Lighting for Visual Performance
The performance of any lighting design cannot be effectively evaluated solely on the basis of the source of illumination or the individual components needed to create the entire lighting system. Instead, lighting performance should be evaluated within the integrated system of enclosure design and controls, space geometry and finish, and fixture components in relation to the task requirements.
For a large majority of the people working in buildings, lighting for vision during the day is quite adequate, in part because people have very flexible visual systems and adjust their posture in response to the available lighting conditions. For example, the dimmer the light, the closer one holds the reading materials to maintain a constant ability to read. Experiments in the laboratory show that people will systematically adjust the eye-to-task geometry to maintain good task visibility, either by moving closer to the visual task or shifting posture to avoid reflected glare (Rea et al., 1985). A flexible visual system combined with a flexible body provides most people with the ability to adapt to less than ideal lighting environments.
A significant minority of the school-age population may not have properly corrected eyesight, however. Students without properly corrected eyesight may not be able to take full advantage of adaptive strategies to see learning materials in the classroom. In a large study using the 1996-1997 National Health Interview Survey, Kemper et al. (2004) determined that approximately 25 percent of school-age children in the United States have corrective lenses. They showed that the prevalence of corrective lenses is related to several population factors such as age (older children are more likely to wear corrective lenses), ethnicity (black and Hispanic children are less likely to wear corrective lenses), income (poorer children are less likely to wear corrective lenses), and gender (girls are more likely to wear corrective lenses than boys). Of particular note, insurance coverage appears to be a major factor in the prevalence of corrective lenses in school-age children. The actual percentage of corrective lenses probably underestimates the number of children who need them. Moreover, it is unknown whether students’ corrective lenses actually have the proper refraction. Because lighting and task variables (e.g., particularly task target contrast and size) as well as proper refraction determine visual performance, it seems likely that at least some students are not able to adequately see learning materials in the classroom.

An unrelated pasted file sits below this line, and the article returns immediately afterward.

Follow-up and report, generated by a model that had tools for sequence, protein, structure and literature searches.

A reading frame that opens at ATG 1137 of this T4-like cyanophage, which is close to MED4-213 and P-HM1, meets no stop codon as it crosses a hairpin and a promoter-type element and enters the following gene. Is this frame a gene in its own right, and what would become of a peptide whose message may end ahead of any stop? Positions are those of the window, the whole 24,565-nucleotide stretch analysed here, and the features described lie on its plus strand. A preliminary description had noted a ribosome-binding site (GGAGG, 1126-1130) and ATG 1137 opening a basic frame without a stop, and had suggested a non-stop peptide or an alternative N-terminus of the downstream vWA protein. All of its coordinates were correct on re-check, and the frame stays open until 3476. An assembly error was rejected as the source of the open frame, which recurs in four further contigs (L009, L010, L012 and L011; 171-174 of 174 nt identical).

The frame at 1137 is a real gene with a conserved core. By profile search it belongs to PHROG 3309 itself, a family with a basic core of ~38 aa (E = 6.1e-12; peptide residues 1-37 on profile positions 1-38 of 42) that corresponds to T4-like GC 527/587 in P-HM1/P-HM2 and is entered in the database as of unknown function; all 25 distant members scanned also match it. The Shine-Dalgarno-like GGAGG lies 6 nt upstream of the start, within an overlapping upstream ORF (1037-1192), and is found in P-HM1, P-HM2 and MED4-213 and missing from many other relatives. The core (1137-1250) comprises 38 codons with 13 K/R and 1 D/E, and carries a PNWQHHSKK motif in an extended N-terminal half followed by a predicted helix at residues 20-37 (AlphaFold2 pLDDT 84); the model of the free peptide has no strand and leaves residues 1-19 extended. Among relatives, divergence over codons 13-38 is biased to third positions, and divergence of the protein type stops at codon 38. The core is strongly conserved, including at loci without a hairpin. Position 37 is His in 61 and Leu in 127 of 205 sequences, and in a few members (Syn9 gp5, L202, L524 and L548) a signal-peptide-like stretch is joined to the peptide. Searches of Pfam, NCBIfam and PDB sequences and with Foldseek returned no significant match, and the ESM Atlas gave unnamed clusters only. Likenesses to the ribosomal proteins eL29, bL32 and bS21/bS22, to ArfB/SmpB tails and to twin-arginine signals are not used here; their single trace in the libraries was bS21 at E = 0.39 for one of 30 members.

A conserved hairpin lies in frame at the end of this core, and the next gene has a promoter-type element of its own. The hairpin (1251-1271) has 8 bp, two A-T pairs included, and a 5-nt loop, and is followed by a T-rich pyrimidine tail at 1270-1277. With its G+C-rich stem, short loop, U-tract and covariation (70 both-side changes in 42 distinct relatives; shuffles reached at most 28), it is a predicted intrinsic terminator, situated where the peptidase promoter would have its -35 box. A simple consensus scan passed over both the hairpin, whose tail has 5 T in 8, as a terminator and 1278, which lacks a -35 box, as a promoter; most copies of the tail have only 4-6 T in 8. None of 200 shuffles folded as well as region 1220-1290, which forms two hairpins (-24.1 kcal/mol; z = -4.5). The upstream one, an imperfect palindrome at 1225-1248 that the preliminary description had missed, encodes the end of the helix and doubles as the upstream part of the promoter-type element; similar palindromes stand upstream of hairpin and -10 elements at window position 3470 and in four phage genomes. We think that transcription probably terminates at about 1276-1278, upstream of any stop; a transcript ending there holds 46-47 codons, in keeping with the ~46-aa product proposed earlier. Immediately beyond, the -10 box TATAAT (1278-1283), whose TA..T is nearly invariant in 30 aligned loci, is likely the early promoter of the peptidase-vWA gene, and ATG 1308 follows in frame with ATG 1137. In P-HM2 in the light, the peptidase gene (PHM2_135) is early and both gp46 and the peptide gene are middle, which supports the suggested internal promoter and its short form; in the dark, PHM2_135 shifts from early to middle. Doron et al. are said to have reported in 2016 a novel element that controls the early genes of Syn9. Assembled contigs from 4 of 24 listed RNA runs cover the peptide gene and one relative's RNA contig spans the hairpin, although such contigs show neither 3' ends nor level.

Within the context of the school environment, then, adequate lighting for the majority of the students may be insufficient for some fraction of school-age children. It could be hypothesized that for those students who do not have the proper refraction, daylight may
offer a significant advantage by providing higher light levels and better geometries than would otherwise be present from electric lighting alone. However, the potential advantage of daylight in classrooms for improving visual performance of children with or without properly corrected eyesight has not been systematically studied.
The adult (teaching and administrative) population will also likely have problems with refractive errors. Normal aging involves a continuous loss of visual accommodative ability, known as presbyopia, from about 20 years of age to approximately 65 years (Weale, 1992). Until about age 45 the gradual loss in ability to focus on near objects is hardly noticed, but after this approximate age nearly everyone begins to adopt new strategies to see small targets. Instead of getting closer to an object to see it as they did when they were younger, people with presbyopia actually move the object further away from their eyes, or they place the object under a bright light, usually provided by a window or skylight. Eventually, everyone seeks optical aids, such as bifocals or reading glasses, to see normal print, but use of bright light from the right direction will continue to be a strategy employed by older people to see small targets throughout their lives.
Glare and Visual Performance